Let me be really frank with you by sharing that I was not always a successful property investor.
In fact, I was quite the opposite.
You see, in my 20s, I was a pretty happy go lucky person, that didn’t really think about my financial future too much. I was working a busy and stressful corporate job, and my stress release came in the form of retail therapy.
My credit cards were like my own magic wand– one wave and I would have something bright and new which was all mine!
The thrill of that something new was temporary, and so I was out shopping quite a lot.
The irony of it was that I would go shopping to unwind and deal with the stress of my job, but I also needed to pay off my credit card debt, so I was compelled to return to my stressful job. The job and my shopaholic tendencies had a parasitic relationship – they fed off each other but I was left with the fall out – a huge pile of credit card debt!
This kept going until one day my husband Ed and I were having a conversation and we were calculating our superannuation and looking at how much we had to fund our retirement.
The figures were not good. After checking a few times that no mistakes had been made we were faced with a shocking fact: we were going to be living on less than $30,000 per year!
Now the average cost of living for a couple in Australia is about $100,000 a year. Given that I like to go out, go shopping, go to restaurants, and travel – our expenses would be closer to $200,000 a year!
This was a huge slap around the face! I was headed for life on the poverty line!
Right then and there I knew I did not want to be in this position. Things needed to change, you could say it was the “line in the sand” moment I needed and so I made the decision to do something about it – here are the steps I followed:
Step 1 was to eliminate all bad debts.
As a shopaholic, I had quite a mountain of debt in the form of credit cards and personal loans. These debts were costing more money than what I planned for.
With careful planning and iron discipline, we paid off our debts in approximately a year. To achieve this, I need to get honest with myself, cut up the credit cards and monitor my spending.
Step 2 was to cut back on unnecessary expenses.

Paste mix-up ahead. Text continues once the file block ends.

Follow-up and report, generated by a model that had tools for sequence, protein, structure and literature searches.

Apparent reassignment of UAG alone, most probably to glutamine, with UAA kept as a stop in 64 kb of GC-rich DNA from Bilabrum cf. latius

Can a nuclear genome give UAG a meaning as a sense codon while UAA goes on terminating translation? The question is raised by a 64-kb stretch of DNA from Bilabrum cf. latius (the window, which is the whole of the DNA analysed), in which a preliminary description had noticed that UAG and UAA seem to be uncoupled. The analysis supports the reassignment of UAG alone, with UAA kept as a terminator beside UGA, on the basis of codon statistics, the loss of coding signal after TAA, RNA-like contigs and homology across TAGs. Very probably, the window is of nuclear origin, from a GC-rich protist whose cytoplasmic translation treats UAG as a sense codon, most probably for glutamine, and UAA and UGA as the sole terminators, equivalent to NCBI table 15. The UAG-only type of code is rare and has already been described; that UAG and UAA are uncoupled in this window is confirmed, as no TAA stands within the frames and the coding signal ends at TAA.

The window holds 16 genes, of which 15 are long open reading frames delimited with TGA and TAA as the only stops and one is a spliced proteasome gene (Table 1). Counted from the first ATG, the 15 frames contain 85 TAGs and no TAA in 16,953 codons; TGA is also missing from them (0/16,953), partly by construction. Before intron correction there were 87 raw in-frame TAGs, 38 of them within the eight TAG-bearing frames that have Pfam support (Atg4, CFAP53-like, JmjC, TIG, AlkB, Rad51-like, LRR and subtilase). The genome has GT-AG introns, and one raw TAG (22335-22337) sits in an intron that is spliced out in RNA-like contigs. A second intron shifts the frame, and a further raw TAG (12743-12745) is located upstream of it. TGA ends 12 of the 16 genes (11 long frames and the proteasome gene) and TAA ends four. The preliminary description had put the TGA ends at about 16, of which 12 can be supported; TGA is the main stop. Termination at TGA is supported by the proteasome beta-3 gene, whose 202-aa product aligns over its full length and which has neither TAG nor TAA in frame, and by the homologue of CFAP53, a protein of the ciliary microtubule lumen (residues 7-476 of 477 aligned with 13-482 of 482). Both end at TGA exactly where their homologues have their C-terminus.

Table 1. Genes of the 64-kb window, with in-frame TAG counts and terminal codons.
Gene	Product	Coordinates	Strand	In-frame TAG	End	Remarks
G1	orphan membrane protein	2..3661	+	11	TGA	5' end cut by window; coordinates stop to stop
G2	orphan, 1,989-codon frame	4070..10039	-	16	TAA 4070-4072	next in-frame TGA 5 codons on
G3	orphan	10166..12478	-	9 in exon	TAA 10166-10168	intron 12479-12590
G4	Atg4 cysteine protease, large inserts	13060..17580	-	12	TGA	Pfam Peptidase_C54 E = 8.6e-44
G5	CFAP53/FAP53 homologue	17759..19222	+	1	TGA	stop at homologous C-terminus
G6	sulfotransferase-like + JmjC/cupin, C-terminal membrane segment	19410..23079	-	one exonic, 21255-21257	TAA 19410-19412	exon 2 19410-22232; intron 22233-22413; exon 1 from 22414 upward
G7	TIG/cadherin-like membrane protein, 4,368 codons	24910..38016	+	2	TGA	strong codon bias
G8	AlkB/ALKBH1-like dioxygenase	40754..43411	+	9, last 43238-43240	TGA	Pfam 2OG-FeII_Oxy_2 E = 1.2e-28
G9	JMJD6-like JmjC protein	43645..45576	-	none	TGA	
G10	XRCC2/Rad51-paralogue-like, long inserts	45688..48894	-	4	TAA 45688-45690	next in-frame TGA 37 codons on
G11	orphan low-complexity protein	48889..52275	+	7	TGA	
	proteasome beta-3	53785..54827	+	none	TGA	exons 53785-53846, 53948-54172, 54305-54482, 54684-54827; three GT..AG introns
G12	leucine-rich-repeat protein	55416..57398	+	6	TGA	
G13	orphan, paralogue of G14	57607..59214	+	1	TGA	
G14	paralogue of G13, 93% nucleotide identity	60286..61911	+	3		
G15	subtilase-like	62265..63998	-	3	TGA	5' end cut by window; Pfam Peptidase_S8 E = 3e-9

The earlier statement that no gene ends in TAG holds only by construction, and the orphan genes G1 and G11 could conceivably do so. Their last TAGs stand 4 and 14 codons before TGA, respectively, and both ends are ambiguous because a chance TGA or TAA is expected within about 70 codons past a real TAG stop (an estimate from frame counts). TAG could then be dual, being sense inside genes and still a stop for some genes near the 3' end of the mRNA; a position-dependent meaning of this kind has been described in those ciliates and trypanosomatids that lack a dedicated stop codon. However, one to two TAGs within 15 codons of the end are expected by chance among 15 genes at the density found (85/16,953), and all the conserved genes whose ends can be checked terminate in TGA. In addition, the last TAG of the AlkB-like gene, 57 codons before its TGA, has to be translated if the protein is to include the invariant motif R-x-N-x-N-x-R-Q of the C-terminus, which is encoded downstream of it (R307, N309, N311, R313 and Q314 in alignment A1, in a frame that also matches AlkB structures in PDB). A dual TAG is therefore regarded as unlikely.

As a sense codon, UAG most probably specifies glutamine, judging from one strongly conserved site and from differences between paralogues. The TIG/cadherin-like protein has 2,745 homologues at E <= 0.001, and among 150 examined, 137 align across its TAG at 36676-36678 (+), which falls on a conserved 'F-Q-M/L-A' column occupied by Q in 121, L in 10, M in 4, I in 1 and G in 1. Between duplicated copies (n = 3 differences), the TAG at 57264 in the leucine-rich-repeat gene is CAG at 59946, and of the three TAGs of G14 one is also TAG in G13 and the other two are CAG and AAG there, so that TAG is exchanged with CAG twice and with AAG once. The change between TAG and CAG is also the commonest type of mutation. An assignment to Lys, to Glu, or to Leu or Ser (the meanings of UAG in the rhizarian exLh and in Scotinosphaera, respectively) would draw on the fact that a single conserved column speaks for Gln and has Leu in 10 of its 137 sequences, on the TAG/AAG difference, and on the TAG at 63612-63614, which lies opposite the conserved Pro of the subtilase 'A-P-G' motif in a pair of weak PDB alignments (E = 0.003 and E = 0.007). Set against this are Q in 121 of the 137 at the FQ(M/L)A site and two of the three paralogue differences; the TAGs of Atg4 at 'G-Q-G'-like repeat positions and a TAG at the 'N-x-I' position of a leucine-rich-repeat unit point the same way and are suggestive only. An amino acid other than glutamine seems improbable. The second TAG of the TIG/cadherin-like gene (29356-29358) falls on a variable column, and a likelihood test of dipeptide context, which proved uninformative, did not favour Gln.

When I went through and reviewed what I was spending my money on, I started cutting back on what was unnecessary or no longer required. That money would then be more money that I could use to pay off our debts quicker.
Step 3 was to save up a deposit.
Using the same discipline to pay off the debts, we saved for a deposit. It is much easier to save once you’ve paid off the debts, and so it wasn’t long until we had enough money to buy our first property.
Step 4 was to learn, learn, learn!
Hubby and I also decided that if we were going to spend hundreds of thousands of dollars on property that we need to learn as much as we could to avoid making mistakes that could potentially cost us big time.
Reading, talking to people who had investment properties, going to seminars and buying the property magazines all helped with our first purchase.
Once we had our deposit we were clear that we wanted to purchase our own home, and we were very excited to do so.
This was the first property I had bought, and while it wasn’t an investment property, it set things up so that I could purchase my first investment property not long after.
Time to Take Action
So, whether you are a new or experienced investor, it’s worth going back to basics and reviewing my first 3 steps periodically, in fact why don’t you spend some time now and do that for yourself.
- Step 1: Eliminate bad debt – if you have no bad debt, then congrats, this is really massive and will be extremely helpful! However if you have debt, then start being a little more active in paying it off.
- Step 2: Cut back on unnecessary expenses – this is great to review every few months, and look at cancelling memberships or programs that you no longer require, and looking at any other unnecessary expenses that no longer serve you.
- Step 3: Save up a deposit – for experienced investors, look at how you can save up or access funds for your next property, and for new investors, it is always exciting to save up for your first home.
- Step 4: Learn, learn, learn! – continue to grow you knowledge by spending 1 hour per week researching and expanding your thinking.
So take action and I will have some more for you shortly.